I know this be-
cause I hear it
out my new win-
dow all night. No-
thing going in. In
is not a direction
tonight.  I’m a
slave to the
clouds that
carry away
this incessant
breath.  Gulp-
ing everything
I can from this
vacuum, I scream
Come back to the
ground, you mon-
grel clouds!!  Come
back.  Be fog.  Be
like I am.  Square
in the face.  Hazy.
Pinwheel of in-
At a loss.  Death,
that last gasp for
breath, is but
the clean sweep
of this infernal

Wednesday, March 07, 2018



     is a good year
     if for no other reason
     than just because
     I’m tired of complaining.
                  —Joe Brainard’s poem “1970”
                     in its entirety

is a good year
if for no other reason
than just because
I’m tired of complaining.

Monday, March 05, 2018


The Happiness

                I lack the courage to talk words very much
                because they are terribly finite and
                final and I don’t enjoy the risk.
                                                                  —Joe Brainard

Memory of a late May
tarot card reading
on a pile of rubble.
Don’t multi-task be-
cause it’s literally
impossible to multi-
task.  Give each step
your complete atten-
tion (totality).  The in-
ternal attention that I
am unable to see:  Pro-
jection.  The outer influ-
ence that I already know
(all too well): Playfulness.
In retrospect, all too well
turns out to be not nearly
well enough.  So what do I
need in order to resolve this
playfulness problem?  Well,
it says here “a ticker-tape
parade.”  And “I should ride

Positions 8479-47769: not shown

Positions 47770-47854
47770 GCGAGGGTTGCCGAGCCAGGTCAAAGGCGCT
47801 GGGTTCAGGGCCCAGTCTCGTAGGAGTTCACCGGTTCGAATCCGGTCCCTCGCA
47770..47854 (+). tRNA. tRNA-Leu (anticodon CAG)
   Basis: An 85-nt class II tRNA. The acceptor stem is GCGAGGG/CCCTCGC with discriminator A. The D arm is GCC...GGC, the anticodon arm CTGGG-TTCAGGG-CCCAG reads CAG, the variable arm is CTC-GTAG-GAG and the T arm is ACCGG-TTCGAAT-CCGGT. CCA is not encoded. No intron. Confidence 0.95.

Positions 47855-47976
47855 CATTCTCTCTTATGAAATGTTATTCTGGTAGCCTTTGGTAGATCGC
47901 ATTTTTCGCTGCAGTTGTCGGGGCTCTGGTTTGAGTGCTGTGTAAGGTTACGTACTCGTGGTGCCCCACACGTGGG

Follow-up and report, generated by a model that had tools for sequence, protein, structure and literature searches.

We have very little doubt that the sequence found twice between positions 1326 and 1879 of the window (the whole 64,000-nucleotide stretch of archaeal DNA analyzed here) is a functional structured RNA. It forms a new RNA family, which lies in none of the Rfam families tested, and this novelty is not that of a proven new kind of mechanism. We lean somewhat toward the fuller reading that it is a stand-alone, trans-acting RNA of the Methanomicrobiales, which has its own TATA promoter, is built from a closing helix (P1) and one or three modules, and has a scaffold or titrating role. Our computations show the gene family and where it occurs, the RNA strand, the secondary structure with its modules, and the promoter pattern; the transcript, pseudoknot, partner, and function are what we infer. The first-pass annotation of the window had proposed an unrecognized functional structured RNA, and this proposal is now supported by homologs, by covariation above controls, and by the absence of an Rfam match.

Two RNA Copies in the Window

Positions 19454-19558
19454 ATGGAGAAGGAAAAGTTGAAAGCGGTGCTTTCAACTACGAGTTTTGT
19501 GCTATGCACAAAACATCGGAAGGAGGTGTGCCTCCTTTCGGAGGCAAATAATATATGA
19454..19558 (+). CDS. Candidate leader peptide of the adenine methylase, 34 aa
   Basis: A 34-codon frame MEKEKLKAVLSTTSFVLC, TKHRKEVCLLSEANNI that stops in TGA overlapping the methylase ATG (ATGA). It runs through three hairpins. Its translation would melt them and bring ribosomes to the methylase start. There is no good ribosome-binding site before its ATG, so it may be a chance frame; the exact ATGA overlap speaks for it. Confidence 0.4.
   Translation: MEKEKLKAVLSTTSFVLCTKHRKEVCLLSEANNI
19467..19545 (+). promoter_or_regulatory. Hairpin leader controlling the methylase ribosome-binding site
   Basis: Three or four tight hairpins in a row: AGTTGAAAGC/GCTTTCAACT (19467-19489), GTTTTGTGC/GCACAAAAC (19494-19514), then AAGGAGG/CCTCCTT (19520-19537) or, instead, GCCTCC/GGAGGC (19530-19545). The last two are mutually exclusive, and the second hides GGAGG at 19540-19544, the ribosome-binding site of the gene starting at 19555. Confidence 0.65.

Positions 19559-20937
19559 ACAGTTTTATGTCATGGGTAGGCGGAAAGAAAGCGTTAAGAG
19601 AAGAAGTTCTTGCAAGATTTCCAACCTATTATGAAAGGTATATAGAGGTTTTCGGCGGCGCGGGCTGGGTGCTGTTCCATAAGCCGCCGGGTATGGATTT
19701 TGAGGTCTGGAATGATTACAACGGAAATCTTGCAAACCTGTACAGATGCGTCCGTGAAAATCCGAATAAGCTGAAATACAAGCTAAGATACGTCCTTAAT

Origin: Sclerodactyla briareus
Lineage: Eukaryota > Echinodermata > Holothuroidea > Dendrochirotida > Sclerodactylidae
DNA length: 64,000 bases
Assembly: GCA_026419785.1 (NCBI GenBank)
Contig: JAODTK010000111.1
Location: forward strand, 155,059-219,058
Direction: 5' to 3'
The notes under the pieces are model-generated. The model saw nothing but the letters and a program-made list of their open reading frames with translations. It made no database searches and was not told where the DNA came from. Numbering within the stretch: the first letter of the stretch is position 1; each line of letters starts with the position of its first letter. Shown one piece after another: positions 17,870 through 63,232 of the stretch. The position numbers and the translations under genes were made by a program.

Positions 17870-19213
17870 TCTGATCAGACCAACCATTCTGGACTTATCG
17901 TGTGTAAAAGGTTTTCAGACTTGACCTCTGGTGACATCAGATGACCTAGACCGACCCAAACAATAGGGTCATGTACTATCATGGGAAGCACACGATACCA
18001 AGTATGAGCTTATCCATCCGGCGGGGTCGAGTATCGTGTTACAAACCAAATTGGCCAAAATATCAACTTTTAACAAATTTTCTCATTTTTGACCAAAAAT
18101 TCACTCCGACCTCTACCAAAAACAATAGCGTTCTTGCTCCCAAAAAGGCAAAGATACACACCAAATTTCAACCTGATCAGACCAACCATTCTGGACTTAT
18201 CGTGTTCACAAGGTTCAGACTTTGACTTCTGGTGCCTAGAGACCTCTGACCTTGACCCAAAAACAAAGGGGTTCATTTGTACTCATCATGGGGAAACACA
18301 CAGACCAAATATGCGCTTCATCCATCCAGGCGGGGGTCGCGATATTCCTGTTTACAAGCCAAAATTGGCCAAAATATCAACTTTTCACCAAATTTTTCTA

on the tiger of success” and
“squeeze every drop of juice
out of the happiness.” The
memory, a few lines written
on frayed and yellowing note-
book paper, ends obliquely:
first, with an “AMEN!” and,
all by itself near the bottom
of the page, “The Monster.”

Friday, March 02, 2018


Chocolate Grape of the Day

What’s un-
settling isn’t
just the shout-
match in in
the “Quiet
Room” on
Eve.  It’s
it is you
and me.
“What the
future holds,”
you say, “isn’t
pretty.”  You
don’t actually
say that.  To
be honest, I
summon that
up on my own.

Thursday, March 01, 2018


Diary of a Landmine

This year’s word of
the day is calm down.
I know this because I
hear it regularly all
year long; more
than I hear any
other word.
This strikes me
as humorous,
out of the ordin-
ary, puzzling, frust-
trating, defense mech-
anism and hopeless.
In that order.
Because it is a year.
And, true, it is not a
logical year at all, but
it is humorous, puzzling,
frustrating, defense mech-
anism, throwing up (yes,
a whole lot of that), surreal-
ism (which numbs rather than
stings, because it is not reality),
dread, fits of dead end, which,
when you find yourself there,
are pretty hopeless (nowhere
to go but backwards, and all),
etc.  Every day there’s another
obstacle.  Until you find that,
pausing for a breath, you
have rested your foot
upon a landmine
(which, you have
to admit, is a pretty
solid example of
“dead end”).
At this point,
you look back
(as I did) and
question where
that path you were
on to begin with must
have led.  And where it
it all went wrong.  Where
you somehow deviated, and
wound up at the end of this road,
instead of another one.  Instead
of any other one.  Instead of
each and every end of each
and every alternate road.  So
it’s safe to say, I do believe,
that calm down land mine
is the word of this year
(thus far).